Author: Tom Bailey
15 Jul 2016
As China ascends to the highest planes of the world stage, and increases its business and economic clout, regions around the world are being forced to decide how they will interact with the what could be the world’s chief superpower in a few years’ time. So far, Europe has mostly welcomed China with open – albeit sometimes hesitant – arms.
Since China opened up to the world, Europe has been an enthusiastic business and economic partner to Beijing, for the most part; European stores have long been stocked full of Chinese-made goods, while China has welcomed inward investment from European firms. Gone are the days when Enver Hoxha’s Albania was China’s only friend on the continent.
As China’s rise to market economy status (MES) becomes more and more likely, however, some European nations and business sectors are becoming concerned. The fear is that granting MES will result in China further undercutting business, with export practices that some claim are unfair, but many of these fears are exaggerated. The EU will still maintain a number of safeguards that will protect European businesses where necessary, while, at the same time, the status is likely to only be granted if China agrees to significant export strategy and economic reforms. Far from being a threat, this is in many ways an ample opportunity to encourage much needed reform in China, allowing business connections between it and the EU – and indeed other parts of the world – to grow deeper.
When China joined the World Trade Organisation (WTO) in 2001, it was subject to a clause that allowed other WTO members to not treat China as a market economy. In justification of this clause, it was argued Chinese government policy had a greater impact on domestic prices than market forces. Now, as the expiration of that clause nears, there are concerns from some European countries that they will no longer be able to protect their economies against China’s allegedly unfair export tactics, damaging the continent’s economy.
There are concerns from some European countries that they will no longer be able to protect their economies against China’s allegedly unfair export tactics
The clause regulating China’s entry to the WTO allowed members the right to “ignore Chinese prices and costs in anti-dumping cases, and instead calculate dumping margins using external benchmarks”, according to City AM. The WTO’s Protocols of Accession for China state: “The importing WTO member may use a methodology that is not based on a strict comparison with domestic prices or costs in China if the producers under investigation cannot clearly show that market economy conditions prevail.”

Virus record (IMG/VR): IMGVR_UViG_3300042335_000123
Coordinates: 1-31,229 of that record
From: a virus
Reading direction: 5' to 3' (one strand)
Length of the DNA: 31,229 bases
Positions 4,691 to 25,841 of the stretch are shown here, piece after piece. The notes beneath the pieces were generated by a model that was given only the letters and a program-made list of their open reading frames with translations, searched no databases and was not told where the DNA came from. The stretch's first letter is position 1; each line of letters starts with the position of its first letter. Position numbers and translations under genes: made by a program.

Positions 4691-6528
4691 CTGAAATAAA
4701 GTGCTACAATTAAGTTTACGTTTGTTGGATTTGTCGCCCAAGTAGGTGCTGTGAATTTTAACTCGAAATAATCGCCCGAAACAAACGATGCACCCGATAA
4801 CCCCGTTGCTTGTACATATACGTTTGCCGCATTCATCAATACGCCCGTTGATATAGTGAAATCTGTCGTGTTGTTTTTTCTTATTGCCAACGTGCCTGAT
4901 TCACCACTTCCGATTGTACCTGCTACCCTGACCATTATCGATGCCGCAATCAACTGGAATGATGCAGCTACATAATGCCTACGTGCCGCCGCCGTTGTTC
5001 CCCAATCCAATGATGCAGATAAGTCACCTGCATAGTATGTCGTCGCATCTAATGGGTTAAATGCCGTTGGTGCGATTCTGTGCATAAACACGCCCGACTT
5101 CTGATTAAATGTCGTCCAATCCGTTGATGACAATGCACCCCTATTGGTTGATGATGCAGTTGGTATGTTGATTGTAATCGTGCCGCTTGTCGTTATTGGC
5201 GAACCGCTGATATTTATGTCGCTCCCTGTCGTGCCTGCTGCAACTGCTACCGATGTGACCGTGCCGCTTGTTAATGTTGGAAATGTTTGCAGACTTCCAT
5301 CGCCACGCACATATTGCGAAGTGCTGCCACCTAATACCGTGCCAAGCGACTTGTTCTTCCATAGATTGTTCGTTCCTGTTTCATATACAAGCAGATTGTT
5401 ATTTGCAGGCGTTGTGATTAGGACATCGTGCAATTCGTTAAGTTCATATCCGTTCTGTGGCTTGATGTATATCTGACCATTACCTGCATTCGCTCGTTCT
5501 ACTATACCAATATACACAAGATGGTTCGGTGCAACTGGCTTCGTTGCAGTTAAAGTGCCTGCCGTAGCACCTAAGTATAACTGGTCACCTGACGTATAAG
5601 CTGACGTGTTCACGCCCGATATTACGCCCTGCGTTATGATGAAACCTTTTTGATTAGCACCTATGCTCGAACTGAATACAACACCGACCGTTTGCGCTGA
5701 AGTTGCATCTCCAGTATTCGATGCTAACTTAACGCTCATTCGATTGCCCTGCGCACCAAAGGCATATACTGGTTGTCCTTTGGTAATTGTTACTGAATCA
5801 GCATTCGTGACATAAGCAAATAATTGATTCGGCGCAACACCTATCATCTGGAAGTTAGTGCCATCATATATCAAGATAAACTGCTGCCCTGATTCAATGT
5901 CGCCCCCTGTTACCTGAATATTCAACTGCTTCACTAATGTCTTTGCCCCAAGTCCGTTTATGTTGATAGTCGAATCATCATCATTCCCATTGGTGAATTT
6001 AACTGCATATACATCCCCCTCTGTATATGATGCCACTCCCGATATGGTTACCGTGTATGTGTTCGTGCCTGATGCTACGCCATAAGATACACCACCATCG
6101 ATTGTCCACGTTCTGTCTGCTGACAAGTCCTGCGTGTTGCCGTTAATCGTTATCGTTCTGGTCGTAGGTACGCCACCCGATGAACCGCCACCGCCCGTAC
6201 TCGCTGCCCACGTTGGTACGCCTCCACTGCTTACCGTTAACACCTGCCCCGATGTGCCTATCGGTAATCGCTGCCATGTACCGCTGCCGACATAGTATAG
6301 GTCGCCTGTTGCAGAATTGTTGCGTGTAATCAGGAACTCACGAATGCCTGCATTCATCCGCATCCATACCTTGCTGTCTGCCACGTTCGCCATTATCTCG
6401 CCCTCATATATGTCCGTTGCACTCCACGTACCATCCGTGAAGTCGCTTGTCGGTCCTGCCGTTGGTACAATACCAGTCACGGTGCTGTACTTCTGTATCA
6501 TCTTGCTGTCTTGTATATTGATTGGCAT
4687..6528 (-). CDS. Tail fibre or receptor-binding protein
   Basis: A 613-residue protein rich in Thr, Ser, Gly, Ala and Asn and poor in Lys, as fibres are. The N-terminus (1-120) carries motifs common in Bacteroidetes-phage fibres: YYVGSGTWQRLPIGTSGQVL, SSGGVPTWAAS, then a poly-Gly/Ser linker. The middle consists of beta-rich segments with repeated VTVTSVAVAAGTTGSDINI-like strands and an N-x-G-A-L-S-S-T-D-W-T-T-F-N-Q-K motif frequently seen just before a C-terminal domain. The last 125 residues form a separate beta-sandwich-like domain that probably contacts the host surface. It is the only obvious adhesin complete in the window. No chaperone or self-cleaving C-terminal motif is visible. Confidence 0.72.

However, the protocols, which came into effect in December 2001, also stated these conditions would expire after 15 years – meaning that, at the end of 2016, they will potentially no longer apply. China considers the expiration of the clause to mean it will gain automatic MES, and this reclassification is an important part of the country’s status as a rising political and economic power. “For China, market economy status is a matter of prestige”, said a Beijing-based diplomat.
This is likely to provoke some opposition from both the EU and the US, both of which penalise some Chinese goods with tariffs under the argument that China is engaged in unfair export practices. The authorities of these two economies allege the Chinese state plays an undue role in subsidising and regulating its export industries, and engages in export dumping. Under China’s current non-market economy (NME) status, the EU and the US both have the ability to impose tariffs upon Chinese goods, should they judge them to be in contradiction of fair export practices.
As Chad Bown of the Peterson Institute for International Economics in Washington noted in an article: “In the US, China’s NME designation allows the Department of Commerce greater discretion in determining whether Chinese firms are dumping goods – i.e. selling them at below reasonable cost in the US market. NME treatment also allows Commerce to impose larger anti-dumping duties. It is clear why China desires MES.”
The EU would also potentially lose its ability to respond to seemingly unfair Chinese import practices. “The EU manufacturing sectors that have historically utilised anti-dumping to address imports from China will be those most affected by a change in China’s MES. This would include metals and chemicals”, Bown said. “The most famous EU anti-dumping cases in recent years involving China were well outside of the metals and chemicals industries, but included footwear and solar panels.”